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Jason Vargas thwarted by rain, thunder as Mets fall to Reds

Mets pitcher Jason Vargas delivers in the first

Mets pitcher Jason Vargas delivers in the first inning against the Reds at Citi Field on Tuesday. Credit: Jim McIsaac

Like an unfortunate metaphor for Jason Vargas’ season, dark clouds loomed and thunder boomed just beyond Citi Field in the opening moments of his outing Tuesday against the Reds. And then the rain came, turning those opening moments into Vargas’ only moments in perhaps the strangest outing of his strange season.

In the Mets’ 6-1 loss to the Reds, Vargas pitched for about 9 minutes. A thunderstorm delayed the game for 1 hour, 40 minutes. When the rain relented, Vargas yielded to Paul Sewald and a de facto bullpen game for the Mets (46-65).

Vargas’ night: 14 pitches, four batters, one out, three hits, three runs.

His ERA on the season: 8.75.

“Really frustrating. It’s tough for him right now,” manager Mickey Callaway said. “He can’t get into a routine. We haven’t been able to get him out there every five days. We think we’re about to, and then this happens.”

The Mets’ bullpen managed all right after Sewald allowed Vargas’ two runners to score. Sewald and four rookies gave up three runs — one on a pinch-hit homer by former Met Dilson Herrera — in 8 2/3 innings. Cincy’s Sal Romano held the Mets to one run in six innings, and they totaled only four hits on the night.

Put another way: Vargas was charged with more runs in one-third of an inning than the Mets scored all night.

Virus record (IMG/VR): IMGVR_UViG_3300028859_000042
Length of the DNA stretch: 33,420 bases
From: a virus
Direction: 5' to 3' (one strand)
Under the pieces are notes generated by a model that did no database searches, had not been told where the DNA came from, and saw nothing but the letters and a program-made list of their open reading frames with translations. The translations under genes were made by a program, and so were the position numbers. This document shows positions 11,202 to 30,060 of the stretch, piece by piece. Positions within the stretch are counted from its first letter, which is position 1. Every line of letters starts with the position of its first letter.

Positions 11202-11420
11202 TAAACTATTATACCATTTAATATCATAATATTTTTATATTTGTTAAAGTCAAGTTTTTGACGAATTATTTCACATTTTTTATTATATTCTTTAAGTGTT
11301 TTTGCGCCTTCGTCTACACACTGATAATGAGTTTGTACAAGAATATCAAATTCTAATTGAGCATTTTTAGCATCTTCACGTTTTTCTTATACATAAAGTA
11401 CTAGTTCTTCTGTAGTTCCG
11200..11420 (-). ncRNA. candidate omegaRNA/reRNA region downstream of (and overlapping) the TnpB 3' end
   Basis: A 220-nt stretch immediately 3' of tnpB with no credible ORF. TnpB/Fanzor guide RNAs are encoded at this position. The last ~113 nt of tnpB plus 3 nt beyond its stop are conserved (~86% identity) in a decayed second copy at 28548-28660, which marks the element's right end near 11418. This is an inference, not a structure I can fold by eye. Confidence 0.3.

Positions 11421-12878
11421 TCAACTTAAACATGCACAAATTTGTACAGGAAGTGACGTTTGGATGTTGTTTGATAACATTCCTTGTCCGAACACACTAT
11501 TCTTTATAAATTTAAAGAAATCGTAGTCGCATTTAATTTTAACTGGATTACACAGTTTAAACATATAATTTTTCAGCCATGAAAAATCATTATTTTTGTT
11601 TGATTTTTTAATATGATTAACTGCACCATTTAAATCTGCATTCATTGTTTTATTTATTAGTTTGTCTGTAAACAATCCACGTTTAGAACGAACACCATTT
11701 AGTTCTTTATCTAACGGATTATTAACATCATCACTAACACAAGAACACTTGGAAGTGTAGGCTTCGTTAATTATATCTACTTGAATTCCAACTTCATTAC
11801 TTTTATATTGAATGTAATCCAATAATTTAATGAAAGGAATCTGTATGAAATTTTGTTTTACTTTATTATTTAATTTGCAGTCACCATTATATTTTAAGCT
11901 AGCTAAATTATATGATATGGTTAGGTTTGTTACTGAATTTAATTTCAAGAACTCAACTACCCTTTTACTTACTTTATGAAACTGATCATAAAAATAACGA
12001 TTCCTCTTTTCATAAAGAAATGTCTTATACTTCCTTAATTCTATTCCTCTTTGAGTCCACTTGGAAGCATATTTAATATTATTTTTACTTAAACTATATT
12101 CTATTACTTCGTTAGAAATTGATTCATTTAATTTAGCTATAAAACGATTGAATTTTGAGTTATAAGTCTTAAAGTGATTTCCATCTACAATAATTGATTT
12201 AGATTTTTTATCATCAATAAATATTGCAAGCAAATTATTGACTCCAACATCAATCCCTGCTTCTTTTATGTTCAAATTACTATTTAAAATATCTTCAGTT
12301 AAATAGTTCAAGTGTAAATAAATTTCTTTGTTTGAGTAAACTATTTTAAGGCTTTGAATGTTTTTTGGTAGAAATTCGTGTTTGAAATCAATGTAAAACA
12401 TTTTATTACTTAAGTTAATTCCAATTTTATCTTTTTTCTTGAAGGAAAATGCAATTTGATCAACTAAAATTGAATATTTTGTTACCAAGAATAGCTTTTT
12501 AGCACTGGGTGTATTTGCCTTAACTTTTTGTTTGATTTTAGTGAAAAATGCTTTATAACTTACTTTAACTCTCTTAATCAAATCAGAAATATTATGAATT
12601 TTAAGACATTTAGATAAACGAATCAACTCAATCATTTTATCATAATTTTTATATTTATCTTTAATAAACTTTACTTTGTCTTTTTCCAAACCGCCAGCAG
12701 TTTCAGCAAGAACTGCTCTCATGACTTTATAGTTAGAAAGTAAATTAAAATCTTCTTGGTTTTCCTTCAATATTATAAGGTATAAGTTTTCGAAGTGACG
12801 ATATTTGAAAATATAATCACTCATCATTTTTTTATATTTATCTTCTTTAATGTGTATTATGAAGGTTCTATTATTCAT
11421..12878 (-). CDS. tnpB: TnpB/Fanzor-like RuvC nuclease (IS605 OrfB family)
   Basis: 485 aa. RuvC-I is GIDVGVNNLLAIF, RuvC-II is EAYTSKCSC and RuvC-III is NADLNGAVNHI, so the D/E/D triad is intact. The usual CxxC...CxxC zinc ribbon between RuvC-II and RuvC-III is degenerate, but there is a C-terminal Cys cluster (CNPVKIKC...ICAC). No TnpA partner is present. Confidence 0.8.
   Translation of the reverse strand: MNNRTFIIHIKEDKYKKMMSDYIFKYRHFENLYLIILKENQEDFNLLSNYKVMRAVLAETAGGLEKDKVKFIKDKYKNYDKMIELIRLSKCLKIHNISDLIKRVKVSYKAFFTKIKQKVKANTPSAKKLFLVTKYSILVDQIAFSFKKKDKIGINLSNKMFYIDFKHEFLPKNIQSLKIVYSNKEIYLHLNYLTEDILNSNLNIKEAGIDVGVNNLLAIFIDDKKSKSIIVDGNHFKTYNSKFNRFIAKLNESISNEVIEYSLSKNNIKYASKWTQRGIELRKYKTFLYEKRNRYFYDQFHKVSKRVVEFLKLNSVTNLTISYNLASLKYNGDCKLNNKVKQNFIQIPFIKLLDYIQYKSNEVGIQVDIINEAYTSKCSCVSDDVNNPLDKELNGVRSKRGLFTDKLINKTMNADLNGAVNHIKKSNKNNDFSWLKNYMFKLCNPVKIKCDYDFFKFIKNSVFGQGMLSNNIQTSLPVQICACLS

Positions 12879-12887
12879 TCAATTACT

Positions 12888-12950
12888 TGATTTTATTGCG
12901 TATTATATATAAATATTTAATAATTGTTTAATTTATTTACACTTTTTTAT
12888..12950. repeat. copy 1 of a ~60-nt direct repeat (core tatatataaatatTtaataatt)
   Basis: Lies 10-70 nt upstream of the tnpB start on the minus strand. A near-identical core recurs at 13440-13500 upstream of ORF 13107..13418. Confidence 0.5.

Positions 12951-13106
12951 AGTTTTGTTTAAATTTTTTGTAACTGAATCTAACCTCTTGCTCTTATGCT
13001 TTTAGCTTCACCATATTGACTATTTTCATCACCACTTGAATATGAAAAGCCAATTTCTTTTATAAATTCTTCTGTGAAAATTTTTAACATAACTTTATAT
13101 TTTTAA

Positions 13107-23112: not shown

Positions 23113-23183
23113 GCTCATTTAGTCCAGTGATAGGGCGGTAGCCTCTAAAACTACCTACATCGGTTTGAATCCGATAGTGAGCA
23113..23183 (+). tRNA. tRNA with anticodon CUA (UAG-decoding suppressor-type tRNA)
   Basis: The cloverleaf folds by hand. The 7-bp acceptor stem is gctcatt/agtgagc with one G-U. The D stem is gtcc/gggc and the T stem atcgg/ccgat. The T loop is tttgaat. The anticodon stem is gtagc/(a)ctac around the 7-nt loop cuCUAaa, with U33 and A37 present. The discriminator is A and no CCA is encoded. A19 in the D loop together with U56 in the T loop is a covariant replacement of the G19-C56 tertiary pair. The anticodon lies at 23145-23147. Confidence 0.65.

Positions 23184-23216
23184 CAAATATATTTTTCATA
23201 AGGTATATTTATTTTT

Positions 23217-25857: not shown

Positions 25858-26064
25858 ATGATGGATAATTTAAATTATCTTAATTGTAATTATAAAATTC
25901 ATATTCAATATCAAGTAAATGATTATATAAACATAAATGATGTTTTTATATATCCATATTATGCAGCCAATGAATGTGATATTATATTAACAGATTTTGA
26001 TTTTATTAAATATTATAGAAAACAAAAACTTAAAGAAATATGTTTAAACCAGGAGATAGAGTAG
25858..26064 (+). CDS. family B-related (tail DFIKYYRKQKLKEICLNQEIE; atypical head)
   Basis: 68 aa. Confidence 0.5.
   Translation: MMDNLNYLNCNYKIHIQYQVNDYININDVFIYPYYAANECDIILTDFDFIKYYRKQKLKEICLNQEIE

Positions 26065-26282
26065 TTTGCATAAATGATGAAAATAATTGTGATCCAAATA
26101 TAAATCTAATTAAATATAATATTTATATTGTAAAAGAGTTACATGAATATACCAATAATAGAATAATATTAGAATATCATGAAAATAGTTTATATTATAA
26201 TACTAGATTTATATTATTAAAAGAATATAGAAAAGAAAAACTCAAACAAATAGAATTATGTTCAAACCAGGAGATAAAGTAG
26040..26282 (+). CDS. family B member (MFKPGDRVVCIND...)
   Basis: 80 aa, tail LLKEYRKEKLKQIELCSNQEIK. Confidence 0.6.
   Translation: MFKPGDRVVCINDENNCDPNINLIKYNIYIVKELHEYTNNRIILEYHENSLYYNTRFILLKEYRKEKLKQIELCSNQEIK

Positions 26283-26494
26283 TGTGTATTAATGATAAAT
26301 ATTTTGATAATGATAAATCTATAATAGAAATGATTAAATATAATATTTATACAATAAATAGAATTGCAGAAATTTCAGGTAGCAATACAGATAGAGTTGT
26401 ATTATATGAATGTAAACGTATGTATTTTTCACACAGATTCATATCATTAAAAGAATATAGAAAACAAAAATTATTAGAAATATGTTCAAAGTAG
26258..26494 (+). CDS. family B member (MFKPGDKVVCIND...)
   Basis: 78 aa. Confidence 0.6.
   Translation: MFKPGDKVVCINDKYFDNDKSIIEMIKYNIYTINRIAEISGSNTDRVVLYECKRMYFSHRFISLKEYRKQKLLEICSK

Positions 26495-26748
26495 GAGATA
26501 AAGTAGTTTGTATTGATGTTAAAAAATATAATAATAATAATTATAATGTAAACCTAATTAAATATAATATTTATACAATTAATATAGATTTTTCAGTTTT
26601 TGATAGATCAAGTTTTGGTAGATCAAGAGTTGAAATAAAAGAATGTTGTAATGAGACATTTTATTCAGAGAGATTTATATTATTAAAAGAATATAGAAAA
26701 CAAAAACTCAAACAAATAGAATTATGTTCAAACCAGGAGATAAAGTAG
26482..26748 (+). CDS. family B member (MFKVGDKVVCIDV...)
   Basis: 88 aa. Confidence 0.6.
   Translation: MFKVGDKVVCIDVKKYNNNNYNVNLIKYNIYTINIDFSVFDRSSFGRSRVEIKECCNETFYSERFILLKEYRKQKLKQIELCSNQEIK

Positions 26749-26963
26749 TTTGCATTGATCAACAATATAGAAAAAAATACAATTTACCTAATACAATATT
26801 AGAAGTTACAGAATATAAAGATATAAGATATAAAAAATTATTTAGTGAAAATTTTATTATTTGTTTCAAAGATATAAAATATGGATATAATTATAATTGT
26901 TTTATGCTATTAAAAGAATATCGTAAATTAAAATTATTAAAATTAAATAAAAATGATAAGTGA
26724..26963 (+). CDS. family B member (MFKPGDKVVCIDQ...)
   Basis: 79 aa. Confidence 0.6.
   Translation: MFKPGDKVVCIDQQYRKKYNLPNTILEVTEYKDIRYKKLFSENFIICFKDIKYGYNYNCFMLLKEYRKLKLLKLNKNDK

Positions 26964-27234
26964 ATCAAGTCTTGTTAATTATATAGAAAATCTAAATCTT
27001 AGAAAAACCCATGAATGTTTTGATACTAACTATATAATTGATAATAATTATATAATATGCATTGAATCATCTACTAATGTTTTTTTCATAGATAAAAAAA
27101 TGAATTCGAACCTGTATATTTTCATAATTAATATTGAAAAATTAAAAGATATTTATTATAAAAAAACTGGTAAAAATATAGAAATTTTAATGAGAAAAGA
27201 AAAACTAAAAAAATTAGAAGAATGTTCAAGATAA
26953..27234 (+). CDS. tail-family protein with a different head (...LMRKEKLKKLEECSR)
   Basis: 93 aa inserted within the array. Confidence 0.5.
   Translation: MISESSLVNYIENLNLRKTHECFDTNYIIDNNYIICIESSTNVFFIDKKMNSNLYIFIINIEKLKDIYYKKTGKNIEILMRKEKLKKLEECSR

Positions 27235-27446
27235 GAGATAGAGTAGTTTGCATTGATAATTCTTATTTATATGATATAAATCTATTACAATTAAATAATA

“Things definitely haven’t gone my way or our way as a team very often,” Vargas said. “Tonight was just the weather, just another layer of it.”

Crew chief Kerwin Danley said the umpires — in conjunction with the league office — decided to start the game on time because they thought the storm would arrive later than it did or miss the ballpark entirely. But the elements thwarted Vargas’ latest attempt at Callaway’s simplified goal for him the rest of the season: just pitch.

“We need him to be built up innings-wise so he can get out next year and haul a bunch of innings for us,” Callaway said. “We all feel confident that Jason, when he gets going, gets on a good schedule, that he’s going to be competitive.”

This season has been abnormal in every way for Vargas, right from the beginning, when he signed with the Mets after spring training had already started. Since then: two injuries (neither to his pitching arm), skipped and delayed starts, and downright ineffectiveness.

Vargas’ start — if you can call it that — Tuesday was his second normal turn through the rotation in a row, one shy of his season high. Because he didn’t really get a chance to pitch, the Mets might bring him back on short rest.

Callaway said Tuesday afternoon his hope for Vargas for the rest of the season revolved around eating innings, though pitching deeper would also mean a greater degree of effectiveness. Vargas hasn’t seen the sixth inning in any of his dozen outings this year and averaged about 4 1/3 per start before Tuesday’s outlier.

The Mets’ theoretical contention in 2019 hinges on many maybes. Among them: Maybe Vargas will bounce back to be a serviceable starting pitcher. His numbers this year aren’t those of a starting pitcher on a contending team.

“You can’t ever predict how a guy’s going to come into next year based off what he did the end of the year before,” said Callaway, who has spoken in recent weeks of using August and September as a chance to evaluate the Mets’ roster to see what they have for 2019. “We would like [Vargas] to have some success at the end of the season to be able to build up his innings so when he comes back next year, if he’s in a good spot and everything’s going well, he can continue to pitch and try to be the guy he was [in 2017].”

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